Differentiating porcelain figurines from ceramic ones involves the use of your senses; you only need to look, listen and feel. For aspiring collectors, there are experts with whom you can confer for documented authenticity, dollar value and history of your piece. Regardless, porcelain figurines add elegance and ambience to your room's decor, while ceramic figurines add whimsy and a modern, youthful touch. Build a dimension of nostalgia in your room through inherited porcelain figurines and transform any space into your very own.
- Skill level:
Things you need
- Ceramic figurines
- Porcelain figurines
- Mild soap
- Soft cloth
- Magnifying glass (optional)
Ensure that the figurines you want to analyse are clean. Use only mild soap and water, and never scrub vigorously as this prevents scratching. Drip dry or buff dry with a soft cloth.
Put each figurine against a strong white light (lamp or sunlight). Slowly pass your finger between the light and your figurine. If your figurine is made from true porcelain, your finger will create a hazy shadow behind it. With ceramic figurines, on the other hand, there will not be a shadow at all. Translucence is a key characteristic of true porcelain, particularly in bone china porcelain.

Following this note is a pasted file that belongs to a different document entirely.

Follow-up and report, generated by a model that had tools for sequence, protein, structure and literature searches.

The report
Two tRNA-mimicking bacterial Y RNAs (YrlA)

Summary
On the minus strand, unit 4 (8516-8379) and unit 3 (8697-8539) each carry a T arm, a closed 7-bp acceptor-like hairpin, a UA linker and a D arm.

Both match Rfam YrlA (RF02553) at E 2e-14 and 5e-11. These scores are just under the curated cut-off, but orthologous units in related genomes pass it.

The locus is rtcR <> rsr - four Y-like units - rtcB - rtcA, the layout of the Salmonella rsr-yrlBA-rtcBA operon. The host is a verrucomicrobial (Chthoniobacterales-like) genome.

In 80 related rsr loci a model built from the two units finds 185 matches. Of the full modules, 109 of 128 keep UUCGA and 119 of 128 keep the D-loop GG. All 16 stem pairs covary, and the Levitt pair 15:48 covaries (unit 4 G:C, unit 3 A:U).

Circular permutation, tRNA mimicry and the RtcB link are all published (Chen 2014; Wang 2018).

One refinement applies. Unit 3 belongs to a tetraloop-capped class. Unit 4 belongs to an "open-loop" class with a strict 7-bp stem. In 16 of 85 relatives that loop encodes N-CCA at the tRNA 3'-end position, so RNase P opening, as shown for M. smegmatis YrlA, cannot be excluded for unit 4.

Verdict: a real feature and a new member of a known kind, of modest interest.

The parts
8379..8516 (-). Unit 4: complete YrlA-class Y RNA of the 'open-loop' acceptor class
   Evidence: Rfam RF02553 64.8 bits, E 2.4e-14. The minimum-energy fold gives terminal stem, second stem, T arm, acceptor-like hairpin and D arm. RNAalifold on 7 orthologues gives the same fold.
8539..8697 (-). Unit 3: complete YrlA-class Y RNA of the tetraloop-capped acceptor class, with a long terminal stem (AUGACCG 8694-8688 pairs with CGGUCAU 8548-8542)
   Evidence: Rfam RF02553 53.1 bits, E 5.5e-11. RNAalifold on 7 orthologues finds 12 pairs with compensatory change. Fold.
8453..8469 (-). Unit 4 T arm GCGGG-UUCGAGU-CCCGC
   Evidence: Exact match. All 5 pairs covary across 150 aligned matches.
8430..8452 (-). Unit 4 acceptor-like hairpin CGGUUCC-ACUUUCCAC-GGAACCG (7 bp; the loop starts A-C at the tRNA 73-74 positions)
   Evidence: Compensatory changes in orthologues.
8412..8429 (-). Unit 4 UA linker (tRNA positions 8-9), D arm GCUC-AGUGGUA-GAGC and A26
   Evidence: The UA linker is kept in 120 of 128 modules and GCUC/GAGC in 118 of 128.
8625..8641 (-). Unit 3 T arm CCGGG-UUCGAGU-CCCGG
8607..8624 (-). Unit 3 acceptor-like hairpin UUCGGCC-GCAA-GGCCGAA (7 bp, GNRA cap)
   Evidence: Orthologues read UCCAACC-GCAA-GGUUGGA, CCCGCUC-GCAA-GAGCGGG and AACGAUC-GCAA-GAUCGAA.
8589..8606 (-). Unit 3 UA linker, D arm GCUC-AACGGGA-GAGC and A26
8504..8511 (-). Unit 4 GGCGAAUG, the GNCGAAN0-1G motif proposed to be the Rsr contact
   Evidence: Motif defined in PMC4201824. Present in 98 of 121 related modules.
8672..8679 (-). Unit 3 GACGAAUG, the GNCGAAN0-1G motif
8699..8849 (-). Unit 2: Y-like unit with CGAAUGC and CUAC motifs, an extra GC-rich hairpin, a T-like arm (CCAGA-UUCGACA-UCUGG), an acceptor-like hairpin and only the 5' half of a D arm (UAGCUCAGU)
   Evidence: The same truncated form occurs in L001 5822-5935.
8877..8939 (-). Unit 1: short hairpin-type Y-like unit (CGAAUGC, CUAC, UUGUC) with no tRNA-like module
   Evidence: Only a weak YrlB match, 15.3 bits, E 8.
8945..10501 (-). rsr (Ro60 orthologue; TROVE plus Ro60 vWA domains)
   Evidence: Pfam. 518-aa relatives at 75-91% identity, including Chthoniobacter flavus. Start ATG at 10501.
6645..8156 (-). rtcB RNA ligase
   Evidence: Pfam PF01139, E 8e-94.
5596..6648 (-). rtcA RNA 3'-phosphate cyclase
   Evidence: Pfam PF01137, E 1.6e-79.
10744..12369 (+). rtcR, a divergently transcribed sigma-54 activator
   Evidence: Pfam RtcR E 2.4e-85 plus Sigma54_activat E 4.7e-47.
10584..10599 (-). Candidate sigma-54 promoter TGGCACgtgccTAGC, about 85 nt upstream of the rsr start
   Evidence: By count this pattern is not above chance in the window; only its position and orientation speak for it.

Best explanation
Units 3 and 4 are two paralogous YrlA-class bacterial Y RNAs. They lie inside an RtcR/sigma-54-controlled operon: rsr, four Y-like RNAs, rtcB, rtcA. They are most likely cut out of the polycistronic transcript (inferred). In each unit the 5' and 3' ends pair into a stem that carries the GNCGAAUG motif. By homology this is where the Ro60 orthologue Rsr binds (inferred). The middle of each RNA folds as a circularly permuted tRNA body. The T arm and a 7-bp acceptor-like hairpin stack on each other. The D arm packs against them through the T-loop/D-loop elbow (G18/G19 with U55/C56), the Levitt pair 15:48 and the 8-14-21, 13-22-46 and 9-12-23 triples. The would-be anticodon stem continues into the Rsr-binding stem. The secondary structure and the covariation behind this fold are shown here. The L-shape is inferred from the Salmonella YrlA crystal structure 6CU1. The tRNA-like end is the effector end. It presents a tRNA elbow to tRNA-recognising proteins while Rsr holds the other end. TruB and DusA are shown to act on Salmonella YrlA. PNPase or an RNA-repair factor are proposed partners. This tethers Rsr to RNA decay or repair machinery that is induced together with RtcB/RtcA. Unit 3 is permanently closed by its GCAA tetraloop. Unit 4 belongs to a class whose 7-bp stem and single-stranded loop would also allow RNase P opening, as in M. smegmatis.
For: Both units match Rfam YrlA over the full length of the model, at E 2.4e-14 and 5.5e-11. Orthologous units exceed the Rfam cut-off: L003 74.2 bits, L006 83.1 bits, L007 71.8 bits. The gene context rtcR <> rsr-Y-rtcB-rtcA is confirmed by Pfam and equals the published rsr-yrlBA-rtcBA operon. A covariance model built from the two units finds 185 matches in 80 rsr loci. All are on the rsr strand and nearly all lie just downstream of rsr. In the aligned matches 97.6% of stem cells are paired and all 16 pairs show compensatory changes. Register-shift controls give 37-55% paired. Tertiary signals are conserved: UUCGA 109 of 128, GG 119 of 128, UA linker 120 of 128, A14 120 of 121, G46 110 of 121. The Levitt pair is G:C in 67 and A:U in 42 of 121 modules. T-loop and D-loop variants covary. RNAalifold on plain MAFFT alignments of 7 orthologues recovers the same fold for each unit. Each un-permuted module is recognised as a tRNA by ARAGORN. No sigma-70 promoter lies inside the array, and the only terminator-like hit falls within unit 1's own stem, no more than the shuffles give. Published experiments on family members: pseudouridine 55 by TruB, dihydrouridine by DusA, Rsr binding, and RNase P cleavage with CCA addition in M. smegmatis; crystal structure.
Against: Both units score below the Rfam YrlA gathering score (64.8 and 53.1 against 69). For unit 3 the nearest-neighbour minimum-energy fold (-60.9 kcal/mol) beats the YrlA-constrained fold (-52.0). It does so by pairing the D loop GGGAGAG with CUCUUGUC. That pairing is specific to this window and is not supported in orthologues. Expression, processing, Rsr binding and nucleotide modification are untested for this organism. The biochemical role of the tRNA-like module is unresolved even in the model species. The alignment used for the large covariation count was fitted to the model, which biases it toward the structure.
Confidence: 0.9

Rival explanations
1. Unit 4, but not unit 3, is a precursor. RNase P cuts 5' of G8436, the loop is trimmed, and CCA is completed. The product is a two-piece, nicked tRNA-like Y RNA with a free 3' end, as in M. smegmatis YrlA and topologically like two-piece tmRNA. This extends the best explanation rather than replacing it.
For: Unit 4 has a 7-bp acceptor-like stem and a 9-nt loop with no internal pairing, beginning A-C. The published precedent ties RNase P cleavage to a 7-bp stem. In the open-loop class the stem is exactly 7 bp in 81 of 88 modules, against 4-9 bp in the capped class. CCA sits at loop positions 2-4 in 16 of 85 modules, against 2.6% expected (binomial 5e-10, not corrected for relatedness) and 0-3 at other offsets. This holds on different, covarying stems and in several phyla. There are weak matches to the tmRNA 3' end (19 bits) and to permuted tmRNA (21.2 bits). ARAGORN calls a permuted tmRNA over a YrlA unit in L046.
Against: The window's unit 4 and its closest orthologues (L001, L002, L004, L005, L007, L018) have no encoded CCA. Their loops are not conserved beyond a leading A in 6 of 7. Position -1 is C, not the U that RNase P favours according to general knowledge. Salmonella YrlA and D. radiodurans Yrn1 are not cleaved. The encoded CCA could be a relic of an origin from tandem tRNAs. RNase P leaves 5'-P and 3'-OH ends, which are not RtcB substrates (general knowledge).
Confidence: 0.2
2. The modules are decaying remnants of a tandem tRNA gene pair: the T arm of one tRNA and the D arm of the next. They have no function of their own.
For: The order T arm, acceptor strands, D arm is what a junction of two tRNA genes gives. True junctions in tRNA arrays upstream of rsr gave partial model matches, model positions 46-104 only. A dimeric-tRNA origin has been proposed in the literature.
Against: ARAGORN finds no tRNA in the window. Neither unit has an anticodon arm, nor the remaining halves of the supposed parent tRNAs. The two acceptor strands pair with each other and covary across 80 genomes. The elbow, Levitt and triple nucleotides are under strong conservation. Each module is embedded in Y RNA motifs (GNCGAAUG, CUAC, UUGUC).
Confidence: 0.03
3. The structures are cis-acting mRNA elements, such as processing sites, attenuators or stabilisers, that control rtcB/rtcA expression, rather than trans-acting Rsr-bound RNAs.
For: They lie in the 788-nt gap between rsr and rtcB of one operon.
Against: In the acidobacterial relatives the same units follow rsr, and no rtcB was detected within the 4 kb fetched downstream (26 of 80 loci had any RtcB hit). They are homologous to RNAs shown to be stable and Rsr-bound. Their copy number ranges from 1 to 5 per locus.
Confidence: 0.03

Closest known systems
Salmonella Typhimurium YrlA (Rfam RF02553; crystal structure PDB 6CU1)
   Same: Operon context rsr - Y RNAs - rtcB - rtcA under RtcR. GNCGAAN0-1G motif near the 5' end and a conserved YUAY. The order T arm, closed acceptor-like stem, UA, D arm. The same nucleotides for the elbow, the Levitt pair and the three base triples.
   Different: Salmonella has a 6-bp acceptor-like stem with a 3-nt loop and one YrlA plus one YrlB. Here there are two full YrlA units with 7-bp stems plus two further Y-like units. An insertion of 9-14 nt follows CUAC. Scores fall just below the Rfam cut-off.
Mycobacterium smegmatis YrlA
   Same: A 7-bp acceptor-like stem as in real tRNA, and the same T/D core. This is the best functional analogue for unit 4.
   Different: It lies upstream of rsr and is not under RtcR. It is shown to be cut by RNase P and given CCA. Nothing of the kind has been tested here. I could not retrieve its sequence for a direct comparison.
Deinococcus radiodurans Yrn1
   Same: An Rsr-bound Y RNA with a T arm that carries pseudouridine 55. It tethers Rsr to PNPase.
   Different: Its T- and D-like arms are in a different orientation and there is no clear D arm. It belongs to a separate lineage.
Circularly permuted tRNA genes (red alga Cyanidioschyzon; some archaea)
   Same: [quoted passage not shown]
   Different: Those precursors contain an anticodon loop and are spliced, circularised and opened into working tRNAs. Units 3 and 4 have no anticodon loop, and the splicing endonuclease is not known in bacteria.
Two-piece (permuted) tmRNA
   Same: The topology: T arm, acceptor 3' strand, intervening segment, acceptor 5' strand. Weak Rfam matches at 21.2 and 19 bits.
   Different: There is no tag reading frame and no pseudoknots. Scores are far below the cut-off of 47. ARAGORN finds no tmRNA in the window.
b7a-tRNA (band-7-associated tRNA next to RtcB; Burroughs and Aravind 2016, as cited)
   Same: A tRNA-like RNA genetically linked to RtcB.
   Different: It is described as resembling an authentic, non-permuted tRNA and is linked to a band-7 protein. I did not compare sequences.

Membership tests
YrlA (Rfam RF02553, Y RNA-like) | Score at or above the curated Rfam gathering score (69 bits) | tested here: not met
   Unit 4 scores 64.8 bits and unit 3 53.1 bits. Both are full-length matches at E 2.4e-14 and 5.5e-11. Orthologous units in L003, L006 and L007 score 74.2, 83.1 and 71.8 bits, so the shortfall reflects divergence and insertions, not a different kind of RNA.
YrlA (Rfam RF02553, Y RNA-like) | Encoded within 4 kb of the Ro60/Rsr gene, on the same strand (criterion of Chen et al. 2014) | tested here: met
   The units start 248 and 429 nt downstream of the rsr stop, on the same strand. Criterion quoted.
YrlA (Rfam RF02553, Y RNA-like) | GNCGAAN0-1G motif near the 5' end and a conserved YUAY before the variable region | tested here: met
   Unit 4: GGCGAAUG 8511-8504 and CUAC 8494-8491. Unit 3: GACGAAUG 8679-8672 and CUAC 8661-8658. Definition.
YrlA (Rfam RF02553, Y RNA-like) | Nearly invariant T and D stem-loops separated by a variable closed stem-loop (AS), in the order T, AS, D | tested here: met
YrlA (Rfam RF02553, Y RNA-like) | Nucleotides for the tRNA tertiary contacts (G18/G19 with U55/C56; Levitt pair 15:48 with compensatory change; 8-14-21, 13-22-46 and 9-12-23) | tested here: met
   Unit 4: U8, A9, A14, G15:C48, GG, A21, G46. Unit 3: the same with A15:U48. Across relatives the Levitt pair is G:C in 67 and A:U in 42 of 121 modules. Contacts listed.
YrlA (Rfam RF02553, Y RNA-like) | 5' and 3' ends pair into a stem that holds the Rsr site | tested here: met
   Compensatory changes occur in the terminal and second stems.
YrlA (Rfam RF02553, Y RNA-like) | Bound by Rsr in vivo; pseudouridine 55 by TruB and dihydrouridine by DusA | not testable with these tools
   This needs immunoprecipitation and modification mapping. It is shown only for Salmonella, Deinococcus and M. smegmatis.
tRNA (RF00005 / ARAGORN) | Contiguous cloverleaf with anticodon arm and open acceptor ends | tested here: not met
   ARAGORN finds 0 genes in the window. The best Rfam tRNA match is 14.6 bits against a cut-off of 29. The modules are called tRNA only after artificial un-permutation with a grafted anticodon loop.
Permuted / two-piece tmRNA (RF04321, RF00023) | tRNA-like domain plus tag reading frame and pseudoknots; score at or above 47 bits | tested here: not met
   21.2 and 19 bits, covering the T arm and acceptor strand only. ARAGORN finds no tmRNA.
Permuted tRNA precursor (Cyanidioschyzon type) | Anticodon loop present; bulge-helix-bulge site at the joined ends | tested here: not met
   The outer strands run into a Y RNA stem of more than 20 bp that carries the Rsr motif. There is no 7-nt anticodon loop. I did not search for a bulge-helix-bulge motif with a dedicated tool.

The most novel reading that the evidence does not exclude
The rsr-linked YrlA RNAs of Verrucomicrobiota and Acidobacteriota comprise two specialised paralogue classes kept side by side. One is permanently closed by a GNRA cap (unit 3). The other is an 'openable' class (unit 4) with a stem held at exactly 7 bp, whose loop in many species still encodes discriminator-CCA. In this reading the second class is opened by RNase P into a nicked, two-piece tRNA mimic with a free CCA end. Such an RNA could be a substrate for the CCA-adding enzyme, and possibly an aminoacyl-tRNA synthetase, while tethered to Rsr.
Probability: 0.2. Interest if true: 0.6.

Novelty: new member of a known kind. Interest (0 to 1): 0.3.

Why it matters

Pass your finger over the figurine's surfaces. True porcelain will have a very smooth, glassy feel. Ceramic might have imperceptible bumps that your touch can distinguish better than your sight.
Tap your fingernail very lightly over the figurine's edge. True porcelain will have a musical pitch to it, much like a tiny bell. For first-timers, compare the sound of true porcelain with that of ceramic (a mug, for example); the difference in pitch is quite distinct.
Check for markings of your figurine's maker (name, year, company). Use a magnifying glass, if needed. Famous porcelain manufacturers, marks and time periods include Limoges, Sevre, Meissen, Lennox, Dresden, Lladro, Qing or Ming Dynasties, Nippon, Japan and Noritake.
Tips and warnings
- Do a quick visual assessment. Ceramics are generally thicker and sturdier-looking than the thin, fragile look of porcelain.
- Authenticate your collectable porcelain, if you wish, through experts at universities and museums in your area. Learn the story details behind your particular porcelain piece to add to its interest and value, whether you are selling it or passing it down the generations.
- Display your porcelain figurine in a good, strong light to bring out its gentle glow of translucence.
- Cracklings are a good clue of age in porcelain and can be an asset for porcelain collectors, but are not good characteristics at all in ceramic figurines.
- Watch out for fakes. However, even a fake from your grandmother's era can still be enjoyed as a family heirloom.
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